TIME Exercise/Fitness

1 in 4 Americans Admit Doing No Exercise At All

Overweight man using remote controls
Overweight man using remote controls Geri Lavrov—Getty Images

The 10 most sedentary states in America are as follows

The CDC released a new report Tuesday that looks at how states across the country support physical activity, revealing one in four people across the U.S. admit doing no voluntary exercise at all.

The research is intended to show how some states are much more active than others. But to really drill in the point, the CDC included a table that tracks the percentage of adults by state who participate in zero physical activity in their free time.

A total of 25.4 percent across the U.S. admitted making no time at all for leisure-time physical activity, according to the report. Just over half of those surveyed said they met the CDC’s 150-minute weekly guideline for aerobic activity.

The 10 states with the highest percentage of inactivity were as follows:

Mississippi: 36%
Tennessee: 35.1%
West Virginia: 35.1%
Louisiana: 33.8%
Alabama: 32.6%
Oklahoma: 31.2%
Arkansas: 30.9%
Kentucky: 29.3%
Indiana: 29.2%
Missouri: 28.4%

The report states that data on physical activity behavior was gathered using data from the CDC’s Behavioral Risk Factor Surveillance System, the U.S. Census Bureau’s American Community Survey, and the CDC’s Youth Risk Behavior Surveillance System (which was used to track youth physical activity.)

While some of the above numbers might look bad, all hope isn’t lost. The CDC’s report suggests strategies states can employ to encourage physical activity. Those include:

1) Creating or enhancing access to safe places for physical activity
2) Enhancing physical education and physical activity in schools and child care settings
3) Supporting street-scale and community-scale design policy.

The CDC found that 27 states are tying to make the streets safer for pedestrians and cyclists with Complete Street policies to get people up and moving.

TIME fitness

Sitting All Day Isn’t As Bad If You Do This

African American businessman using laptop
Jetta Productions/Blend Images RM/Getty Images

Getting to the bottom of sitting on your bottom: the latest study shows that fitness matters

There’s a growing drumbeat to get all of us out of our chairs and off our bottoms. Some studies, including the most recent analysis, suggest that something about being sedentary can lead to poor health outcomes, including heart disease and things like obesity, diabetes and overall “fitness”—which, in technical terms, is a measure of how strong the heart and respiratory system are. Those studies found that even people who exercised weren’t immune to the dangers of sitting—though exercise did help.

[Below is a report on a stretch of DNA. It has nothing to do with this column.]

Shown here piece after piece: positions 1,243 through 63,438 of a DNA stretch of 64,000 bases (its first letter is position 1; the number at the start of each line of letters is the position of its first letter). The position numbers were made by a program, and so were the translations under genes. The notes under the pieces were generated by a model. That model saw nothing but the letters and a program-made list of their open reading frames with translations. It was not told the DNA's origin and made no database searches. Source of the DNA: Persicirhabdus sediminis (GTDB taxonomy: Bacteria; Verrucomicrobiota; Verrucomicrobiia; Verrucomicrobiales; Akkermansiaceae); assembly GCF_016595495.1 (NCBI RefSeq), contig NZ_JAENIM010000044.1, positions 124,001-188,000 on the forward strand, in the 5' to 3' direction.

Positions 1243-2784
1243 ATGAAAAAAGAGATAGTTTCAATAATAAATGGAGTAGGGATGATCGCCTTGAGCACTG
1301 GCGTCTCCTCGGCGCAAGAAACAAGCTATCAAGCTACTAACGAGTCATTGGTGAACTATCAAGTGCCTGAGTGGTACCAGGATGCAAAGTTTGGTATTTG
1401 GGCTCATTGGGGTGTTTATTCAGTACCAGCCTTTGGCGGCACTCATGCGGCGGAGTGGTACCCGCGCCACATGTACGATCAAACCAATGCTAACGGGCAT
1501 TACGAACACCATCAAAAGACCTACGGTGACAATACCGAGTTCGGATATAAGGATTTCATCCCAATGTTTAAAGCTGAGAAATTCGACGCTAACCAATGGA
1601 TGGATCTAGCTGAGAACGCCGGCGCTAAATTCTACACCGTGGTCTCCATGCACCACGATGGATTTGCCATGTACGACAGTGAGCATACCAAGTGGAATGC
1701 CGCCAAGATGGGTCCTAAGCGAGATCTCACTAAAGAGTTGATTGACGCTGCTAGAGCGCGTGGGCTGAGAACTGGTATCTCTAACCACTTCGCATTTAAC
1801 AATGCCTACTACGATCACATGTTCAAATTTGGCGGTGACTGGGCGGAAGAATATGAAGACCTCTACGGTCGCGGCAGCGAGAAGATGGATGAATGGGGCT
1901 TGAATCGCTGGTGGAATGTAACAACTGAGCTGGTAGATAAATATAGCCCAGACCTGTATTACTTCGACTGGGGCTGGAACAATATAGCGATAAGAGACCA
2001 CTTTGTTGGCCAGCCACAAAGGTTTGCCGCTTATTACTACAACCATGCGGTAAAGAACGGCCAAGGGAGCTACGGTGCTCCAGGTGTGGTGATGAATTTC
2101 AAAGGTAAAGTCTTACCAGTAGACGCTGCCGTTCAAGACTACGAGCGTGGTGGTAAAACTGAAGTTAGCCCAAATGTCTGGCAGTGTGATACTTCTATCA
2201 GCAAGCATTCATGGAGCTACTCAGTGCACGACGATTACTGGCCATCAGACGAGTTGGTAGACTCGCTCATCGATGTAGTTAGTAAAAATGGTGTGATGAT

But were the effects of sitting actually independently lowering fitness and causing health problems, or was the sitting just a reflection of the fact that people who sat more spent less time being active?

MORE: Sitting Can Increase Your Risk of Cancer By Up to 66%

Kerem Shuval, a research specialist in nutrition and physical activity at the American Cancer Society, and his colleagues wanted to address that question. So they turned to the Cooper Center Longitudinal Study, an ongoing trial of white men that measures how lifestyle behaviors affect disease and longevity. They asked the men about how many hours they spent in a car or watching TV (the sedentary part) and then put them on a treadmill to record their fitness levels, as well as tested their blood for cholesterol and blood sugar. The scientists also calculated the participants’ body fat percentage, their waist circumference and their body mass index (BMI).

When they adjusted for the amount of physical activity that the men reported, they found that those who spent more hours each week in a car or watching TV showed higher triglyceride levels, a higher BMI, waist circumference and more body fat compared to those who reported less than nine hours a week of sedentary behavior.

MORE: An Hour of Exercise Can Make Up for a Day of Sitting Down

But when Shuval then factored in the mens’ fitness levels, he found that most of the interaction with negative health outcomes went away. “Once we controlled for fitness, the effects of sedentary behavior were a lot less pronounced on health outcomes,” he says.

So there’s no question that people who are fit, which means they are physically active, and those who exercise regularly, enjoy better health. The question is whether you can get fitter not just by becoming more active, but also by sitting less. “The jury is still out in my mind about what to do about decreasing sitting,” says Shuval, who published his results in Mayo Clinic Proceedings.

There are some studies that follow people over time that found that more sitting time is linked to a higher risk of early death. But that could be due to the fact that people who sit more are less physically active, so sitting is displacing exercise. Shuval found, for example, no strong association between how much time people spent sitting and their risk of metabolic syndrome – the constellation of risk factors connected to heart disease – nearly nine years later. That suggests that physical activity, and not something unique about sedentary behavior, may be the driving factor in that syndrome.

MORE: Now There’s Another Reason Sitting Will Kill You